subject and have asked a sincere & conscientious question. But
most likely I won't have time to keep replying to you.

But now that I'm replying to this message, I'll finish this reply.

Tom continued:

Let's take another example:
101: A
1: BAC
101: CBA

In this case, B defeats A 102>101, A defeats C 102>101, and C defeats B
101>1 (with 101 abstaining). B>A and A>C are victories by majority, but
very weak victories. C>B is a non-majority win, but a resounding
victory.

give one the feeling of being stronger or more important. As I always
say, you aren't wrong. And if your impressions coincide with what
margins does, then of course there's no reason why you shouldn't be
the margins advocate that you are. You're fighting when no one is
fighting with you.

Tom continued:

Just to get to a three-way tie, we must assume that all 101
abstaining votes really meant to choose B over C

Come again?? It's a circular tie because the 3 defeats form a cycle.
Pairwise results are based on votes, not on speculations about how voters of
short rankings would have voted if they'd voted full rankings.

Of course no one's stopping you from defining any kind of voting system
you want to, even one that tries to guess how truncators would have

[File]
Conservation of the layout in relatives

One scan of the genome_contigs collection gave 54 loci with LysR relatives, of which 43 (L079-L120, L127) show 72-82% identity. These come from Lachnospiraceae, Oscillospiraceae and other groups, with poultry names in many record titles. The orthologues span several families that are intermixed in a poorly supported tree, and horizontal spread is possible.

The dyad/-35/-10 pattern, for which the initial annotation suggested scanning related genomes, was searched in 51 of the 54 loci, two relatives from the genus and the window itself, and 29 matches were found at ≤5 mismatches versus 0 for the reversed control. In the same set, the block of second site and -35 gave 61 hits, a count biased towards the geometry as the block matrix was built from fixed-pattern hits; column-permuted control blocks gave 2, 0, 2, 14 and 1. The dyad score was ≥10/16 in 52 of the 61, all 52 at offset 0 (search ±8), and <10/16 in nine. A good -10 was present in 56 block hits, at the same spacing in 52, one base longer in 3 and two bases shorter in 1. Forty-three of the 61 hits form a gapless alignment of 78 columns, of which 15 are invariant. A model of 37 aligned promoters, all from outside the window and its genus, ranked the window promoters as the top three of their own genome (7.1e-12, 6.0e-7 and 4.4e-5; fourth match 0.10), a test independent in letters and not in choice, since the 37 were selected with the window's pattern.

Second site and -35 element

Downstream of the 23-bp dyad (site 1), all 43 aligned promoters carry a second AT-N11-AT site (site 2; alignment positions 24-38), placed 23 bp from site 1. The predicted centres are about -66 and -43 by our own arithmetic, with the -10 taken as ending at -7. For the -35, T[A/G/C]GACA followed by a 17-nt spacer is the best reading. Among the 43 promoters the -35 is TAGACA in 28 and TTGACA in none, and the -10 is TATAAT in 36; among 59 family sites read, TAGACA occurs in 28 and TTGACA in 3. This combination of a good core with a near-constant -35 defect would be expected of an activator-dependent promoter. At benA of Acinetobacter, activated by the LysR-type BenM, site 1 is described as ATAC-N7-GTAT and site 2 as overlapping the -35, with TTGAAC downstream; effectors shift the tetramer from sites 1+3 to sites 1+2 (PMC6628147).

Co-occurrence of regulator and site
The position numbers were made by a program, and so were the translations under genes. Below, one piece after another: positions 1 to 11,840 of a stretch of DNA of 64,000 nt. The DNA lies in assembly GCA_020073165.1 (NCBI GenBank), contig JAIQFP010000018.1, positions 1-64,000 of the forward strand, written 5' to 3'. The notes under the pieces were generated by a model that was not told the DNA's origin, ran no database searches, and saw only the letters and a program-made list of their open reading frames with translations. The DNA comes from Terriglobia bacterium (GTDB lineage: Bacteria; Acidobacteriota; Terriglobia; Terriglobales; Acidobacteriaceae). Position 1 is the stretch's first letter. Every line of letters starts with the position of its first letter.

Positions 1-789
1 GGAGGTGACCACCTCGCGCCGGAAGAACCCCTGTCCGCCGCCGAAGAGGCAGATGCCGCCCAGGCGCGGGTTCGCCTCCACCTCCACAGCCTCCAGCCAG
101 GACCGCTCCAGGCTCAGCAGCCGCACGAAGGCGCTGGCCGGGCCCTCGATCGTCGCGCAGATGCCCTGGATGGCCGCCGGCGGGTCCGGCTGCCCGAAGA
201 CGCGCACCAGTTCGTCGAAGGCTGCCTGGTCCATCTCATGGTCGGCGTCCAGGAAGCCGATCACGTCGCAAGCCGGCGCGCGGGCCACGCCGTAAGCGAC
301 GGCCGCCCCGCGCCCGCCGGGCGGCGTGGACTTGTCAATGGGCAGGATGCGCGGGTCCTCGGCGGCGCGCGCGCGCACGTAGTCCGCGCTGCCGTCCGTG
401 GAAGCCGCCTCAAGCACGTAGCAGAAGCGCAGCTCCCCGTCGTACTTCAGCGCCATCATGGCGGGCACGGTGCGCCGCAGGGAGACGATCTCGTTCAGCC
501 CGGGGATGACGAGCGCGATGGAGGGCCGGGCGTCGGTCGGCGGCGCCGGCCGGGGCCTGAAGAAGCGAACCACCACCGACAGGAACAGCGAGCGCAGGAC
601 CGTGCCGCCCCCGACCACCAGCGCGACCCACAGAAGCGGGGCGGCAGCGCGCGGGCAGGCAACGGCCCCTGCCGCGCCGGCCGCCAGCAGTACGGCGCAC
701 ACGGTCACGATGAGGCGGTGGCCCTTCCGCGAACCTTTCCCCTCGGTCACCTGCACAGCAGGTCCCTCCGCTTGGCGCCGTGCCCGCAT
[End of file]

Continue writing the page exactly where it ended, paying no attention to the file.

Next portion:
voted if they'd voted complete rankings. But if that's what you're

I suggest writing your message on paper, or on a word-processor,
and work on it till you're sure that you're saying what you mean to
say, and have listened to others.

By the way, by margins, your example is a 2-way tie between A & C.

Tom continued:

C is the winner picked by margins, but WV
stubbornly insists on the sanctity of a majority of all voters and picks B.

I really think this insistence on victory by a majority only makes sense
in a two-option election, in which case there's really no other way to
go.

That's what you think, and that's fine. No one is saying that everyone
has to take seriously the voted wishes of a majority. Some do and
apparently some don't. But, you see, when you say that "you really think"
something does or doesn't make sense, you aren't going to convince anyone
that they should agree with you unless you share with
us why you think that.

Tom continued:

Even then, what about the large number of eligible voters who
usually stay home? We must consider that at least some of them do so
because they have no preference.

We can speculate and guess all we want to about the political preferences of
those who didn't vote.

Tom continued:

If a third candidate were to enter the
race, some of these voters may choose to come and vote, selecting only
the third candidate and not specifying a preference between the initial
two. By the counting method that says C>B is not a majority victory, we
now may be able to say that there is not a majority win between the
first two. So even in a two-candidate election, what we really mean
when we say "majority" is "majority of the voters who bothered to